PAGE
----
Your Medicine Is Not Healing You


This article was originally posted on November 22, 2012. Enjoy.

Everyday people entrust their physicians, pharmacists, and drug companies with the lives, health, and well-being of themselves and their loved ones. They believe that these people want what is best for them. But, they are very wrong. Drug companies, doctors, and pharmacists all engage in a convoluted triangle that The drug companies do not cure diseases. They manage them. Doctors do not cure illnesses. They treat the sickness. And, pharmacists simply prescribe medicine to combat symptoms in most cases. The medicine that you use is not healing you. It combats the manifestations of illness on most occasions, and in some rare cases, the medicine only exacerbates the problems caused by the sickness.

The drug companies that form relationships with doctors and pharmacists realize that the money in the healthcare field is not necessarily in the cure of disease, but in the treatment. Chris Rock, a famous comedian said plainly,

“They ain’t never curing AIDS. Don’t even think about that shit. There ain’t no money in the cure. The money’s in the medicine. That’s how you get paid. On the comeback. That’s how a drug dealer makes his money. On the comeback. That’s all the government is. A bunch of motherfucking drug dealers. On the comeback. They ain’t curing no AIDS.”

The common cold is one of the illnesses that is no longer considered large enough of a threat for drug companies to try to eradicate it. There are numerous brands and distinctions between cold and flu medicines that all do different things in the body. However, none of the cough suppressants actually stop the viruses and bacterium that cause you to cough. When doctors treat an infection, they usually find the source of the infection and treat it. But, in most cases of coughing and sneezing, especially with the influenza virus, doctors only treat the symptoms. The cough suppressants that are prescribed do not fight the virus. They simply tell your brain to stop coughing long enough for the body to heal remove the irritants that cause the cough. TamiFlu, the most often prescribed medicine for the flu, does not stop influenza. It presents the virus in a weakened state so that your body makes antibodies for it. Nothing that doctors present to combat cold and flu season actually cures it. These household medications that are used everyday have desultory effects instead of the results that they are expected to bring.

One of the most appalling cases of medicinal treatments that do not work does not involve any actual sickness. But, the product is manufactured by almost every pharmaceutical company and it is one of the best selling products on healthcare aisles. Most skin moisturizers that are currently in the market not only fail to moisturize your skin, but also make your skin more dry over time. Mineral oil is an essential part of almost every moisturizer that is sold in stores, and it actually does not have any moisturizing qualities. That’s right, the lotion that you use to moisturize does not actually moisturize your skin. It seals in the oils that are in your skin and blocks any of the other oils from getting in. Initially, your skin will appear more supple and conditioned. But without the use of the same conditioner your skin will get progressively drier. There is no added moisture for your skin, and mineral oil does coerce your skin into moisturizing itself. Mineral oil which is in most skincare lotions and creams ultimately dries out skin more by blocking anything that may really moisturize from getting into the skin. Think about the amount of money that is made from this product that promotes the condition that it is treating.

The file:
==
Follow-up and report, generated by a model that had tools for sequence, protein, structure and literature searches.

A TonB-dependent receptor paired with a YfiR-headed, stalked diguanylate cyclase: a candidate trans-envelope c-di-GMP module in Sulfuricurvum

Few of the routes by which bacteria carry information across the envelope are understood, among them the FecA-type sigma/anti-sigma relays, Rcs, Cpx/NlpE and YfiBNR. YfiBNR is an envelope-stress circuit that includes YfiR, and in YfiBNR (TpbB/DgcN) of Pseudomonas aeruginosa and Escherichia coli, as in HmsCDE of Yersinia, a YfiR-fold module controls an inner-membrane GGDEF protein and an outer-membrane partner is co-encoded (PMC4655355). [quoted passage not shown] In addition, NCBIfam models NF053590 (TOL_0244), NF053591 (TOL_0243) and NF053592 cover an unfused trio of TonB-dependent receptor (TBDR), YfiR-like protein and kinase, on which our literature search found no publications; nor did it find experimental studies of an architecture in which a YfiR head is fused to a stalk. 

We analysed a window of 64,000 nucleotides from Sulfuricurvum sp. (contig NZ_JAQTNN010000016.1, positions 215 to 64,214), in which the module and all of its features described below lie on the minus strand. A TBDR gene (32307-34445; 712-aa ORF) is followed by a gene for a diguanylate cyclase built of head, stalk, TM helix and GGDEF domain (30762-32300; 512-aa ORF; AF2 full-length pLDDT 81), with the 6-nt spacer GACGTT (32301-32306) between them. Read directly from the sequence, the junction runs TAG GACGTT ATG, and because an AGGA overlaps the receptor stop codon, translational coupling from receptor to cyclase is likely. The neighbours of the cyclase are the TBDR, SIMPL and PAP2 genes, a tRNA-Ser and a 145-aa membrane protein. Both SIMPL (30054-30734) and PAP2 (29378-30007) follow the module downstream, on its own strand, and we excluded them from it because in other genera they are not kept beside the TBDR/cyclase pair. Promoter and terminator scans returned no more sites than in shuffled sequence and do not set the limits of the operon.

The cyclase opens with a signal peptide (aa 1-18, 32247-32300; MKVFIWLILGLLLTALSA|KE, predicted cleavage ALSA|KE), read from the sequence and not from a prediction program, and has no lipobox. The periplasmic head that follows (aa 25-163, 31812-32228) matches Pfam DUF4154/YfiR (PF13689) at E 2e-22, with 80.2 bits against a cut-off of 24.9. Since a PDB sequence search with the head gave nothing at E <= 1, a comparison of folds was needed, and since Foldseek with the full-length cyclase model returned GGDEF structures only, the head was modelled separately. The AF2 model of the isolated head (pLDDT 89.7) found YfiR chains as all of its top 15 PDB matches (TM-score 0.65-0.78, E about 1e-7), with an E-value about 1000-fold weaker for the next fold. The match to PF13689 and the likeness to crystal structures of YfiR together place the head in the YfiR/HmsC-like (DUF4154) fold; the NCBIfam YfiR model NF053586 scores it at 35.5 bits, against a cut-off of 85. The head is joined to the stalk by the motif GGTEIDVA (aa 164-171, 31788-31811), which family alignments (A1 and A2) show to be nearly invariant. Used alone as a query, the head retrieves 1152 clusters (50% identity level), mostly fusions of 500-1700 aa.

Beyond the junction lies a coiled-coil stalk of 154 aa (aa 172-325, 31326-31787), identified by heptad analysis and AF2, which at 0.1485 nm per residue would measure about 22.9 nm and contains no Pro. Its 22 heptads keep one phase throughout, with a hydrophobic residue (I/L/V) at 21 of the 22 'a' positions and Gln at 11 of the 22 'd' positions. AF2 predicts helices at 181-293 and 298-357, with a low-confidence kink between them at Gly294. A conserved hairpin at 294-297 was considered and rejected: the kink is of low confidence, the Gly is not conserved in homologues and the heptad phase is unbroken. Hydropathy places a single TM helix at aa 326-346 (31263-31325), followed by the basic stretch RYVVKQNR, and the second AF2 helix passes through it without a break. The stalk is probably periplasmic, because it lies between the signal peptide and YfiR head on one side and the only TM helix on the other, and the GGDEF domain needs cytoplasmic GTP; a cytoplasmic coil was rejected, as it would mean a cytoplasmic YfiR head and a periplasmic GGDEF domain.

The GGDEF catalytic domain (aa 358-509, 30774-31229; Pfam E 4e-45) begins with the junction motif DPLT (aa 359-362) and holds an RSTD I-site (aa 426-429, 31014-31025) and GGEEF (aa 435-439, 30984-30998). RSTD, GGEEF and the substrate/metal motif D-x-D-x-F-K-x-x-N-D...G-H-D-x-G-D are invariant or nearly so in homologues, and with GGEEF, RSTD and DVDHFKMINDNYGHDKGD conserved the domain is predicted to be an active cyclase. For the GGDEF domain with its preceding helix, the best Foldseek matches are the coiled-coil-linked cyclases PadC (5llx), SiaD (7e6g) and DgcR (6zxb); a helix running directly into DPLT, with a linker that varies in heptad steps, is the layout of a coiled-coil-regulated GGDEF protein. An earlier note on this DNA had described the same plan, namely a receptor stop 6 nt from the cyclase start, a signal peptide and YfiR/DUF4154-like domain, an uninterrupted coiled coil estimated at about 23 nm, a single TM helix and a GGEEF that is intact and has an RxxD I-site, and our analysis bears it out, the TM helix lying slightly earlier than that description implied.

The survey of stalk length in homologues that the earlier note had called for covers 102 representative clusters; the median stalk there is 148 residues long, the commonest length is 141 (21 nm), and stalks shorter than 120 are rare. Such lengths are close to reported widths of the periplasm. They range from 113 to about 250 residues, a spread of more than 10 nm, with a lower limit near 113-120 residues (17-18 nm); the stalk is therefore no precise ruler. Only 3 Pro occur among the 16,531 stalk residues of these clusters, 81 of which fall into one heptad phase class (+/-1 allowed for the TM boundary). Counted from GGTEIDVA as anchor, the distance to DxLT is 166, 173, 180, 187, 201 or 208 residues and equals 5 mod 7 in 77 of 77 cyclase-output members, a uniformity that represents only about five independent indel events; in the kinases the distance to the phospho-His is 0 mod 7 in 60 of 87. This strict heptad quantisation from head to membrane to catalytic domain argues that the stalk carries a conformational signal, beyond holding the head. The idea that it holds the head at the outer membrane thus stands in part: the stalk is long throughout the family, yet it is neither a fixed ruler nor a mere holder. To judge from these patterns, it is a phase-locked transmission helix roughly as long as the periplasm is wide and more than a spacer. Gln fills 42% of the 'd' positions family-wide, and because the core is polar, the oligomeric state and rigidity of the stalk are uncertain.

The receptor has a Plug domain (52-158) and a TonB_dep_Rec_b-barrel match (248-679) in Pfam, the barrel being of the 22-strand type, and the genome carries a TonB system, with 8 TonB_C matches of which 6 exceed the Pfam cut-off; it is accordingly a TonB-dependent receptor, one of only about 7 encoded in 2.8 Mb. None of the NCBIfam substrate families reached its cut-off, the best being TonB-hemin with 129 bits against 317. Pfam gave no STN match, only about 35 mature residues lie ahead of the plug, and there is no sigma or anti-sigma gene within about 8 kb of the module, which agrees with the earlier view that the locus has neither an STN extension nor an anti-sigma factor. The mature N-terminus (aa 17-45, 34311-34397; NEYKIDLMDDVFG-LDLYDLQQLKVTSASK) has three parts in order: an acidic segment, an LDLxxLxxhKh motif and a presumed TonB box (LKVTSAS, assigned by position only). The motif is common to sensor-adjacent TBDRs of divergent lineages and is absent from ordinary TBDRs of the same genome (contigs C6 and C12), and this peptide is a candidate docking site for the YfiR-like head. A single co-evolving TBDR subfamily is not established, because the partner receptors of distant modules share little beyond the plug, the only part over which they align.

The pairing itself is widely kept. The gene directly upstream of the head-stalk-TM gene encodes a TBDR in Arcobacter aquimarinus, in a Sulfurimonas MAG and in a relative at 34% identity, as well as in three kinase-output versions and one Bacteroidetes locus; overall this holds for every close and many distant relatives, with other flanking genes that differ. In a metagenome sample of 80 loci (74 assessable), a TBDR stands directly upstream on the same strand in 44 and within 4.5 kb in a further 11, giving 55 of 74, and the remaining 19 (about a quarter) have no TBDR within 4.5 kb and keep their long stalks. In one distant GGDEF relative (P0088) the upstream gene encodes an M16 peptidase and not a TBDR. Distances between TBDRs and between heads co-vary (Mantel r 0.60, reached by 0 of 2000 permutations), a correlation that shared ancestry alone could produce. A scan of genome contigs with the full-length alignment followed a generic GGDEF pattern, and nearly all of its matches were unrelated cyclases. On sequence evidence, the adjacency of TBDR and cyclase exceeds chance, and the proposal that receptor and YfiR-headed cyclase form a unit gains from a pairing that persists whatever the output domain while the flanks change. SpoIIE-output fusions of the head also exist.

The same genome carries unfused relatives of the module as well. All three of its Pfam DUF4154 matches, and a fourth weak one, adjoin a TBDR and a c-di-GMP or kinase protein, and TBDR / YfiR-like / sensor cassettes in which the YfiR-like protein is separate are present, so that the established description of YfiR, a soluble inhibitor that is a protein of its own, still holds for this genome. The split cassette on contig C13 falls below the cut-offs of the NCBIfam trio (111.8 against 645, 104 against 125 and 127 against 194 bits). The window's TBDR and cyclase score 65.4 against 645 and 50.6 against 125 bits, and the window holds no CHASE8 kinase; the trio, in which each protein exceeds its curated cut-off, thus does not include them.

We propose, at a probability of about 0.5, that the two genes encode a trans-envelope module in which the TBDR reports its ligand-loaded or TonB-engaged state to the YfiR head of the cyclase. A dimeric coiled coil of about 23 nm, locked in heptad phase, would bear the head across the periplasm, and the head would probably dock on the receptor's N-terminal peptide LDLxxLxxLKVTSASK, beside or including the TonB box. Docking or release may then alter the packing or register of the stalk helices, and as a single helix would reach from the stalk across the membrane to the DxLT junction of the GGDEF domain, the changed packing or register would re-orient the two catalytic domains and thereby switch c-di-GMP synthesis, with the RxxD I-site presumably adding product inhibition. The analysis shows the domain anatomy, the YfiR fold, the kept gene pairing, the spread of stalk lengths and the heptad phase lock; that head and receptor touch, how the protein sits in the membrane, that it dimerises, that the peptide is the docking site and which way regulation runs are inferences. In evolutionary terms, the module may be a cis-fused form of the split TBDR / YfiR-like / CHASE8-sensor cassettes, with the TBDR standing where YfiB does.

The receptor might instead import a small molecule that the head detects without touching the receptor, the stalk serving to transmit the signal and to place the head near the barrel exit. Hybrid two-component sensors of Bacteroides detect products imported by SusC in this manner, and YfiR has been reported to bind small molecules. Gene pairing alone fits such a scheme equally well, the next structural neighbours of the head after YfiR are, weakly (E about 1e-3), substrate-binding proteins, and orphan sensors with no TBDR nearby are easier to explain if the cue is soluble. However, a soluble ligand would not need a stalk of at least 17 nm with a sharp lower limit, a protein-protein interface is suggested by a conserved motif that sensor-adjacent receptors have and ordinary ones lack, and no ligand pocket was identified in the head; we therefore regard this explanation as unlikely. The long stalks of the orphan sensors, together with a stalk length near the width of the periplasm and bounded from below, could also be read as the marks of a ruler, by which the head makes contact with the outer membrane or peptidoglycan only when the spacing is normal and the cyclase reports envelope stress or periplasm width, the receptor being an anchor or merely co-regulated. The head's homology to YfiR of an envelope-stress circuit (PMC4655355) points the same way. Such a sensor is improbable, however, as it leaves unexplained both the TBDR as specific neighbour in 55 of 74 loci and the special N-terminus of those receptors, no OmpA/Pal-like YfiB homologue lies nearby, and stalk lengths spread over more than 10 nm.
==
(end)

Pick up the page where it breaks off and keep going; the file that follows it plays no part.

Medicine is not made to cure you of your ailments. The medical community uses prescriptions and vaccines to line its pockets with your money. Medicine does not heal you. It is made solely to take your money.

 


1 comment for “Your Medicine Is Not Healing You

  1. Anonymous
    January 9, 2013 at 5:52 PM

    Research has shown that many doctors are too quick to pull the prescription trigger. In one study, in which doctors and nurse practitioners were presented with part of a clinical scenario—as would occur when first seeing a patient with a medical problem—and then encouraged to ask to find out more about the source of the problem, 65% of doctors recommended that a patient complaining of insomnia be treated with sleeping pills even though, had they asked more questions about the patient, they would have found that the patient was not exercising, was drinking coffee in the evening, and, although awakening at 4 a.m., was actually getting seven hours of sleep by then.

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